Thanksgiving is a time to count our blessings, not meltdown over lumpy gravy
On the first Thanksgiving, the Pilgrims and Native Americans shared a first bounty of hunted meats and harvested fruits and vegetables in a style that was likely far less fuss and fanfare than what occurs in many American homes today.
PHS principal thrives on helping students and colleagues succeed on their career paths
Stephanie Hillig never debated her career path.
Prescott Unified School District leaders are preening with pride that the high school’s “Pride of Prescott” marching band will once again be showcasing its students’ musical talents at the 2017 Arizona State Marching Band Championships scheduled for Saturday, Nov. 18, at Sun Devil Stadium in Tempe.
Taylor Hicks Elementary students were offered an early, cultural Thanksgiving treat this week.
Prescott CPA Drury Sylvester is a faithful contributor to Yavapai Big Brothers Big Sisters.
In back-to-back meetings with a group of Republicans and then a smaller group of about 15 business and civic leaders in downtown Prescott on Monday, Gov. Doug Ducey was clearly stumping for re-election.
For Major Beesley, the Coalition for Compassion and Justice’s Stagger Straight homeless shelter and community center has given him a second chance.
Thousands turn out to salute area veterans
Thousands of Prescottonians lined the main downtown streets on Saturday to show off their patriotic pride and respect for veterans past and present who honored America with their devoted service.
One day, Stuart Mattson looked out his office window and spotted a lady from Germany who a week or so before had asked him a question for which he did not have an answer.
Honoring his fallen patriots and community
With his mega-watt smile, hearty handshake and look-you-in-the-eye approach, Stan Goligoski is the kind of guy who commands people’s trust and respect.
The Northern Arizona Veteran Affairs Health Care System is one big construction zone right now thanks to a more than $30 million federal investment in what is a major upgrade and expansion of the agency’s facilities.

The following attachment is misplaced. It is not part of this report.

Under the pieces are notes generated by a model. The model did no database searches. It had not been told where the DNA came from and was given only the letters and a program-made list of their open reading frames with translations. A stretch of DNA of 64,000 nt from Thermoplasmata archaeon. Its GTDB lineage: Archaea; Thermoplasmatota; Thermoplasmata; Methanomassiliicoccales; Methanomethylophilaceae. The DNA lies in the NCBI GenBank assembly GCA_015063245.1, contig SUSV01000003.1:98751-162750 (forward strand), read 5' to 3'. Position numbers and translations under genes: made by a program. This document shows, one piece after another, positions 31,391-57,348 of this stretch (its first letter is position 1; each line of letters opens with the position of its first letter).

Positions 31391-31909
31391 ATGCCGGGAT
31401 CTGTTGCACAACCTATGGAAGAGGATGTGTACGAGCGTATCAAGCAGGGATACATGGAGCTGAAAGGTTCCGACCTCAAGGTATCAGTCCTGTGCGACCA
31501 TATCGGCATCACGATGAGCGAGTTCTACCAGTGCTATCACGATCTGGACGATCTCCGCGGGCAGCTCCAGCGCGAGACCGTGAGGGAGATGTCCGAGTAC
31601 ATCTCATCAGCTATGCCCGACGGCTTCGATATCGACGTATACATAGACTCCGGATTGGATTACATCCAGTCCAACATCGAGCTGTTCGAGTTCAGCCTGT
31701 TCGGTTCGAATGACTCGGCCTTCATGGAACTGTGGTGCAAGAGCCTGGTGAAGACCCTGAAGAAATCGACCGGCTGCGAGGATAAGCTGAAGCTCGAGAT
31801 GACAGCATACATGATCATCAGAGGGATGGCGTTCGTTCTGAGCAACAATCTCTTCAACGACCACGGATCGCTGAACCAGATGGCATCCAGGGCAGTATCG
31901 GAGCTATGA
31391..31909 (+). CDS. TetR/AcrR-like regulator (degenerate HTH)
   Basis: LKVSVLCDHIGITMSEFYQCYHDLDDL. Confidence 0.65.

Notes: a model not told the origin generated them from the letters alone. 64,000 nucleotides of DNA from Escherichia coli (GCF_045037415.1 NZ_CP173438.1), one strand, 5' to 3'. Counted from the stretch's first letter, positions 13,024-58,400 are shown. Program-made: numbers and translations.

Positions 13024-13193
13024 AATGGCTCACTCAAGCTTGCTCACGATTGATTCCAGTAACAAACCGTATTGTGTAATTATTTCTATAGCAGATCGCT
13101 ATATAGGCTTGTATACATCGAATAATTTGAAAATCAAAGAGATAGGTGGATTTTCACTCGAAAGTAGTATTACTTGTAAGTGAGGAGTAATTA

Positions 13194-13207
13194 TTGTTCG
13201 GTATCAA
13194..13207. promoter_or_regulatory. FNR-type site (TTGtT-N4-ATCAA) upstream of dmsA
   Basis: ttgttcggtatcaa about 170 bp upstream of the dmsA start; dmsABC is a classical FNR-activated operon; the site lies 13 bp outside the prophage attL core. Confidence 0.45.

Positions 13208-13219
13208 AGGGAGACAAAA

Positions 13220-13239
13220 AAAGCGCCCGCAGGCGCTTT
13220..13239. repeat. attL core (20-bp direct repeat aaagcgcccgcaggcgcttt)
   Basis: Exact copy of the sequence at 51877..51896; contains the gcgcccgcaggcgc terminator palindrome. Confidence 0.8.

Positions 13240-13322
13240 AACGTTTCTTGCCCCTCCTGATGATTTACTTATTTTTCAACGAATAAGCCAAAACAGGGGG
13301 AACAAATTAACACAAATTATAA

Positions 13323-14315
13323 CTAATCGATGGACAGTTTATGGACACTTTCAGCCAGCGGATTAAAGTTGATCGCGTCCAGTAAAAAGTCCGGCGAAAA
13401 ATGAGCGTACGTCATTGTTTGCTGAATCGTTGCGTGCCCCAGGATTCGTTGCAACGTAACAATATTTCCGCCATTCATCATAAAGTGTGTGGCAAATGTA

Carol Stanley’s secret to aging: she simply refuses to do so.
Yavapai County officials dispute state’s national ranking
Some leaders in the local mental health arena are bristling over a Mental Health America 2016 survey that ranks Arizona at the bottom in the nation for treatment options based on what it deems a high prevalence of mental illness and limited access to care.
A long corridor in the VA’s Bob Stump Medical Center, colloquially known as the “Miracle Mile” as it harkens back to the days when it was the main route in and out for tuberculosis patients, has been transformed from a blank space painted an institutional green into a history exhibit.
Palace haunted history fascinates guests during after-hours tour to benefit U.S. VETS
Walk through the restored swinging wood doors of the 19th century Palace Restaurant and Saloon on Whiskey Row — the oldest saloon in Arizona — and you are stepping into the frontier past, one filled with cowboys, miners, gamblers, shady ladies, notorious lawmen, and even some movie stars.
The crowd for an inaugural civility rally in Prescott Thursday night at the Holiday Courtyard was lighter than desirable.
Deborah Portzer gives to women with cancer
In Deborah Portzer’s yard are lawn ornaments that spell out the word “HOPE.”
Something far more sinister
The first time, a few scratches and a slapped face.
First-generation student prepares for what’s next
As the first generation of her family to be able to go to college, Prescott High School senior Elena Aragon is investing considerable time and effort in figuring out options that will suit her career goals and wallet.
School needs to accommodate larger class size
Lincoln Elementary has seen a spike in kindergarteners such that class sizes have swelled up to 30 and 31 students, and so the school leaders and teachers have opted to create a combined, 24-student kindergarten and first-grade class.
Out of Darkness Walk organizer steps out of the darkness to shed light on suicide and its impacts
Ann Marie Boutin is a chipper, optimistic, dog-loving woman who spends her days arranging meals for seniors and in her off-duty hours offers support to those who have suffered the sadness of a suicide.
Kitty Genovese was a young, vibrant manager of a New York City bar the same year the Beatles had a No. 1 hit and soldiers were headed off to war in Vietnam.
The first-ever "Pizza Palooza" from 11 a.m. to 3 p.m. Saturday, Oct. 21, in downtown Prescott, aims to raise money for Prescott Meals on Wheels.
Welcome to Arizona's 'Hunger Games'
The fight for equitable public education funding in Arizona has devolved into more than two decades of what leaders and advocates suggest is a bizarre rendition of “The Hunger Games.”
Schools need to prepare before there is a need
The time to think about a plan to deal with a crisis of any kind, or in the aftermath of a tragedy, is not in the midst of the event or when something has happened and no one knows who to call or how to cope.
Bradley Stalnaker is also independent and takes nothing for granted
Two months into his senior year, Prescott High Class of 2018 member Bradley Stalnaker is clear-eyed about what he needs to do to move forward with his plans after graduation.